May 20, 1949. Rehearing Denied June 20, 1949.
Petition to Review Order of the National Labor Relations Board.
Proceeding by the Victor Manufacturing Gasket Company, a corporation, to review and set aside an order of the National Labor Relations Board that petitioner cease and desist from alleged unfair labor practices.
Petition denied, and decree ordered enforced.
Henry E. Seyfarth, Lee C. Shaw, Owen Fairweather, Robert W. MacDonald, Chicago, Ill., for petitioner.
David P. Findling, Associate General Counsel, A. Norman Somers, Assistant General Counsel, Robert E. Ackerberg, Owsley Vose, and George H. Plaut, Attorneys, National Labor Relations Board, Washington, D.C., for respondent.
Before KERNER, MINTON, and DUFFY, Circuit Judges.
This is a petition to review and set aside an order of the National Labor Relations Board, based on findings that petitioner had interfered with, restrained, and coerced its employees in the exercise of the rights guaranteed them, and had discriminatorily discharged an employee because of his union activities, thereby violating § 8(1) and (3) of the National Labor Relations Act, 29 U.S.C.A. § 158(1) and (3). Upon these findings the Board ordered petitioner to cease and desist from the unfair labor practices, and to reinstate Charles Pletka and make him whole for the loss of any pay he may have suffered.
Petitioner makes the point that Pletka was discharged because he had engaged in union activity on company time in violation of an established company rule, while the Board insists that the finding that Pletka was discharged for union activities is supported by substantial evidence, considered as a whole, and asks that the order be enforced.
Of course, the Act does not interfere with the normal right of an employer to select his employees or to discharge them. He may discharge them for violation of his orders or rules, or for any reason, just or unjust, except that he may not discharge them because of union activities, and where it is claimed that the employer was justified in discharging an employee, the controlling and ultimate fact which determines the issue is, what was the true reason back of his discharge. National Labor Relations Board v. Kohen-Ligon-Folz, 5 Cir., 128 F.2d 502. But in deciding that issue, the Board is not bound to accept the employer's explanation of the discharge.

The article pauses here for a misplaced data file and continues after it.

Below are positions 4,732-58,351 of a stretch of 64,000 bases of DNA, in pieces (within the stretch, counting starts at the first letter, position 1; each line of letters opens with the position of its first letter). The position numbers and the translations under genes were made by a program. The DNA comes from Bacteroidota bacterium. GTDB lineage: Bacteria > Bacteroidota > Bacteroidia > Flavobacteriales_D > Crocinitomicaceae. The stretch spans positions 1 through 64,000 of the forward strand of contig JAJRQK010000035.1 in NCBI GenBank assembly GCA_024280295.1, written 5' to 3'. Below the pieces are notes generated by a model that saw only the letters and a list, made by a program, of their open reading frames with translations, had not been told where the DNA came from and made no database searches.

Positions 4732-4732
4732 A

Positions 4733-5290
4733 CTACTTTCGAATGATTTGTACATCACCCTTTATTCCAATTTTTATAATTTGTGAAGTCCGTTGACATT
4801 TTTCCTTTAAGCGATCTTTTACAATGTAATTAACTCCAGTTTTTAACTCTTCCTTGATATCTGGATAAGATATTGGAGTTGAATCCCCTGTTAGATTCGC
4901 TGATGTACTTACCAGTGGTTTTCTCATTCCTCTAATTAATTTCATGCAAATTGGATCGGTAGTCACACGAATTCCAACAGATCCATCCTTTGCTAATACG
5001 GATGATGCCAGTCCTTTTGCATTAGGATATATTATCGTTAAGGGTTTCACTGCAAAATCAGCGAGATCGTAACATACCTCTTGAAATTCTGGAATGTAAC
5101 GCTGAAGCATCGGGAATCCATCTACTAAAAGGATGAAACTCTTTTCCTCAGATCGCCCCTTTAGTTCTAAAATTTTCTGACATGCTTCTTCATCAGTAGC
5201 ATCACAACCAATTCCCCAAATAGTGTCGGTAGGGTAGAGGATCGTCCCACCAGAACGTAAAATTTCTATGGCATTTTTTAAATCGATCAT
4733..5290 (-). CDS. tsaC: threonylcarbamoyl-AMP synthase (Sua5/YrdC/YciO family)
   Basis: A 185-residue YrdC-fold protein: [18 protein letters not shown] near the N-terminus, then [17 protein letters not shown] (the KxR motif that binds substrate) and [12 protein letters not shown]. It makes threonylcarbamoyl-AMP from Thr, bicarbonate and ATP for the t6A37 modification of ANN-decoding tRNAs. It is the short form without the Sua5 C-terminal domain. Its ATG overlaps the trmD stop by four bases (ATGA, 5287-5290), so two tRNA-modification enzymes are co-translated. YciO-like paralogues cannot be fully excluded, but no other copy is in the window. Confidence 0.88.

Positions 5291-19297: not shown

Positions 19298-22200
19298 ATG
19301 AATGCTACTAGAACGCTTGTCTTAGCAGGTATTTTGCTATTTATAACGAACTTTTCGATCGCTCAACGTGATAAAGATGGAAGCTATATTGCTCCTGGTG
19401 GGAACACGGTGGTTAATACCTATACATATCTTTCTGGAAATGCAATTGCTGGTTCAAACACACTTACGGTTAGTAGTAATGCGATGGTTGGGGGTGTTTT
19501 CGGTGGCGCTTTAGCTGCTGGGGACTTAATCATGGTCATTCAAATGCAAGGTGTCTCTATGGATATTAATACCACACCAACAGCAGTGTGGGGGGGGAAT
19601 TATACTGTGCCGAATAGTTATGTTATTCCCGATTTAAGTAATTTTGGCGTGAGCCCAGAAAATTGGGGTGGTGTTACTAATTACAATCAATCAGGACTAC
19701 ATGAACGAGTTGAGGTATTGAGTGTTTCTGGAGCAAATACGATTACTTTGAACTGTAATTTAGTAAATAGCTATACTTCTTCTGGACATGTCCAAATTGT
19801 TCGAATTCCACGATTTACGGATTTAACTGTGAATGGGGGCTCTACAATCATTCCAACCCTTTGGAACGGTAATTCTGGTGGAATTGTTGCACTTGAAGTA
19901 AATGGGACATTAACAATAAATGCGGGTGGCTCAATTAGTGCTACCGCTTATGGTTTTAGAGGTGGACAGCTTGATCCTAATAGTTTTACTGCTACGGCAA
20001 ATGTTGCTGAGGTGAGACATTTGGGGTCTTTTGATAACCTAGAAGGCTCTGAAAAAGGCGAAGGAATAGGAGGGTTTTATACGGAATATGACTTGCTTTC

Petitioner argues that there is a total absence of positive and direct testimony that it discharged Pletka because of union activities. It asserts that the Board relied on inference in the face of strong and impelling positive testimony that Pletka was discharged for a violation of a company rule. While it is true that the provisions of the Labor Management Relations Act of 1947, 29 U.S.C.A. § 141 et seq., give reviewing courts more latitude, that Act does not provide for a hearing de novo. National Labor Relations Board v. Austin Co., 7 Cir., 165 F.2d 592, and National Labor Relations Board v. Caroline Mills, 5 Cir., 167 F.2d 212. See also National Labor Relations Board v. Sandy Hill Iron Brass Works, 2 Cir., 165 F.2d 660.
By § 10(e) of the Act, 29 U.S.C.A. § 160(e), Congress gave to the Board, not the courts, power to draw inferences from the facts and to appraise conflicting and circumstantial evidence, hence it is not for us to weigh conflicting testimony, nor pass upon the credibility of witnesses; nor may we reject inferences drawn by the Board from proved facts merely because different inferences might seem more reasonable, National Labor Relations Board v. Waterman Steamship Corp., 309 U.S. 206, 60 S.Ct. 493, 84 L.Ed. 704; National Labor Relations Board v. Automotive Maintenance Machinery Co., 315 U.S. 282, 62 S.Ct. 608, 86 L.Ed. 848; National Labor Relations Board v. Nevada Consolidated Copper Corp., 316 U.S. 105, 62 S.Ct. 960, 86 L.Ed. 1305, and it still remains for the Board to consider all the evidence and accord to each piece of evidence its proper weight, and from the whole evidence to determine the issue before it. International Association of Machinists, Tool and Die Makers Lodge No. 35 v. National Labor Relations Board, 311 U.S. 72, 61 S.Ct. 83, 85 L.Ed. 50.
We see no need to recite or review here the evidence in extenso. It will suffice for us to say that we have made an independent examination and study of the record. True, the testimony on which the Board's findings were based was conflicting, but upon the evidence as a whole and the inferences reasonably to be drawn therefrom, we cannot hold that there was no substantial evidence to support the finding that Pletka was discharged, not for a violation of a rule of petitioner, but because of his union activities.
The petition to set aside the order will be denied and a decree for the enforcement of the order will be entered.